The Lung Association – Ontario is committed to supporting the best respiratory research in Ontario. The Lung Association has established focus areas: asthma, air quality and smoking-related lung disease. Projects in these areas are encouraged. However, the primary criterion for the awarding of research monies shall be the excellence of the research proposal.


Click here to access the grant and fellowship guidelines and applications. (

Common Asthma Triggers: An Education Companion

The Primary Care Asthma Program (PCAP) is an evidence-based, standardized program model under the Ministry of Health and Long-Term Care (MOHLTC) Asthma Program. The program currently includes standardized asthma and COPD tools through a partnership with The Lung Association – Ontario (TLA). PCAP is delivered within a multi-disciplinary team of providers led by a Certified Respiratory Educator (CRE) across Ontario. In 2014, PCAP partnered with the MOHLTC to conduct a needs assessment using the MOHLTC Health Equity Impact Assessment (HEIA)1 to identify how PCAP was impacting their population groups and to ensure more equitable delivery of the program including its service, policy and tools, and to align with the National Lung Health Framework2 goals.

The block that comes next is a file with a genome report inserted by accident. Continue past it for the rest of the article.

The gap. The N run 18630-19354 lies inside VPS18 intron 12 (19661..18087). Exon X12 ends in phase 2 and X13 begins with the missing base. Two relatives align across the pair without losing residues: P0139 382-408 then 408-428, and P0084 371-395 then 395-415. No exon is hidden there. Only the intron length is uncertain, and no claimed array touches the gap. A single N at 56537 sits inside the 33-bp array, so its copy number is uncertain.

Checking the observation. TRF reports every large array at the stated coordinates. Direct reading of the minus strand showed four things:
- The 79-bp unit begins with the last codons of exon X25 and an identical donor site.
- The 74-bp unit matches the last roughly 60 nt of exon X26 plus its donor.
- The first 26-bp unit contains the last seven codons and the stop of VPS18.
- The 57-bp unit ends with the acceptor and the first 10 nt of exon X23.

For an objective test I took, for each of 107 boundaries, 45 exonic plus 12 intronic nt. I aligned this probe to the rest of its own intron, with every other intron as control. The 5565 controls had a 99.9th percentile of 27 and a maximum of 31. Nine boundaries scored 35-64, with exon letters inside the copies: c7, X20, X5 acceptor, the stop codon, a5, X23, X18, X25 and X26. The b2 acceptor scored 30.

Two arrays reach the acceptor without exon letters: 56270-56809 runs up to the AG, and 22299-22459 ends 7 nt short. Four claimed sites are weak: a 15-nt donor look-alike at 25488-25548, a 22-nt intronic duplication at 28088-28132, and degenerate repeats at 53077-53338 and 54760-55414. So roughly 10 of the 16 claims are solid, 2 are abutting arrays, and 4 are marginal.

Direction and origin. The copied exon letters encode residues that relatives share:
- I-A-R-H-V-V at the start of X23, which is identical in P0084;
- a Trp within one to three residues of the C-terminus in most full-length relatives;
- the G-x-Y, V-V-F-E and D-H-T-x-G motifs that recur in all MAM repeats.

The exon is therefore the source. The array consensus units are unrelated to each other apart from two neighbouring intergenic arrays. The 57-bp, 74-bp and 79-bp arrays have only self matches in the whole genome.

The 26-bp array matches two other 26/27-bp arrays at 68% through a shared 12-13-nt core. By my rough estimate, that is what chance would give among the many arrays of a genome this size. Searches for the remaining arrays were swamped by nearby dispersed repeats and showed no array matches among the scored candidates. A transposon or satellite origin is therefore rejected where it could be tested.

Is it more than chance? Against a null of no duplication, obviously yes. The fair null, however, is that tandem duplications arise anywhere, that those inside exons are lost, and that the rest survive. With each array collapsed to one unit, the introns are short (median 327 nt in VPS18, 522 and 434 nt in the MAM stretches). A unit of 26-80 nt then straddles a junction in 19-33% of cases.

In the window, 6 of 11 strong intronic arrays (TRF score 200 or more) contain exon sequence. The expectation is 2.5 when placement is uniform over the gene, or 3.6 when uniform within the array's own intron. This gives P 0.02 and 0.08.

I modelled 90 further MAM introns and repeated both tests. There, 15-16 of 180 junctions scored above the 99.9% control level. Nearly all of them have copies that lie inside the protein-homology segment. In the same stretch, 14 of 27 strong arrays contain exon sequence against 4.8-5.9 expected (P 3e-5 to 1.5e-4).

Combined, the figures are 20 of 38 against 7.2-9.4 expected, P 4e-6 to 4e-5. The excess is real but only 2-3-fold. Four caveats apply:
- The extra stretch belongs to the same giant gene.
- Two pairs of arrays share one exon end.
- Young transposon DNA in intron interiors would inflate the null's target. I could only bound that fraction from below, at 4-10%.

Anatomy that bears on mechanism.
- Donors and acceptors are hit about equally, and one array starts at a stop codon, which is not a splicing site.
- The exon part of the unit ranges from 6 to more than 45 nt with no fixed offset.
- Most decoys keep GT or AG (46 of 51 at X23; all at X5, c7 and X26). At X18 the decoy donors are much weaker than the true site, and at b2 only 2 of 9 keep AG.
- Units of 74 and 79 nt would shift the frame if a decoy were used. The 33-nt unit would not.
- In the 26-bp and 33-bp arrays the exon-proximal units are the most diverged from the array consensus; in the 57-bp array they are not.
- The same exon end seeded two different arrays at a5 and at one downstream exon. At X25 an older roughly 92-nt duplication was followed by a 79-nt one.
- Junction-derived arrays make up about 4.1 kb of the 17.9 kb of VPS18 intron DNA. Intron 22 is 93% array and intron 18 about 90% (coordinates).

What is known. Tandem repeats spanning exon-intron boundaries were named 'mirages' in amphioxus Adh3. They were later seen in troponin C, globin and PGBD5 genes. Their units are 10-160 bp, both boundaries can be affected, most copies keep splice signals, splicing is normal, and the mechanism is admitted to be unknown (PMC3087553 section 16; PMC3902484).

Ten PCAP coordinators across Ontario completed the MOHLTC HEIA and results were presented to TLA. Out of the six impacted populations identified by PCAP, TLA decided to produce asthma resources that addressed low literacy and language barriers. In 2016, a pictorial triggers booklet was developed for educators to use with their patients with low literacy or English as a second language titled, Common Asthma Triggers: An Education Companion. This is a three-fold tool that will help these patients to identify and communicate their triggers to their clinicians.

As Ontario moves towards a health-care system designed around the patient as detailed in the Patients First Act 2016, it will be important to continue to design and improve programs, policies and tools to address the social, economic, environmental and cultural determinants of health for the patient.

To order/download a copy, call The Lung Association at 1-888-344-5864, email or go to


January 13-14, 2018
RESPTREC™ Asthma Module
RESPTREC™ offers courses for those who wish to pursue their Certified Respiratory Educator designation. The Education module remains the foundation for learning how to engage patients in self-management. Learners will learn how to apply educational theory to practice. The Asthma and COPD modules are disease-specific courses based upon the most recent evidence-based published guidelines and references for disease management.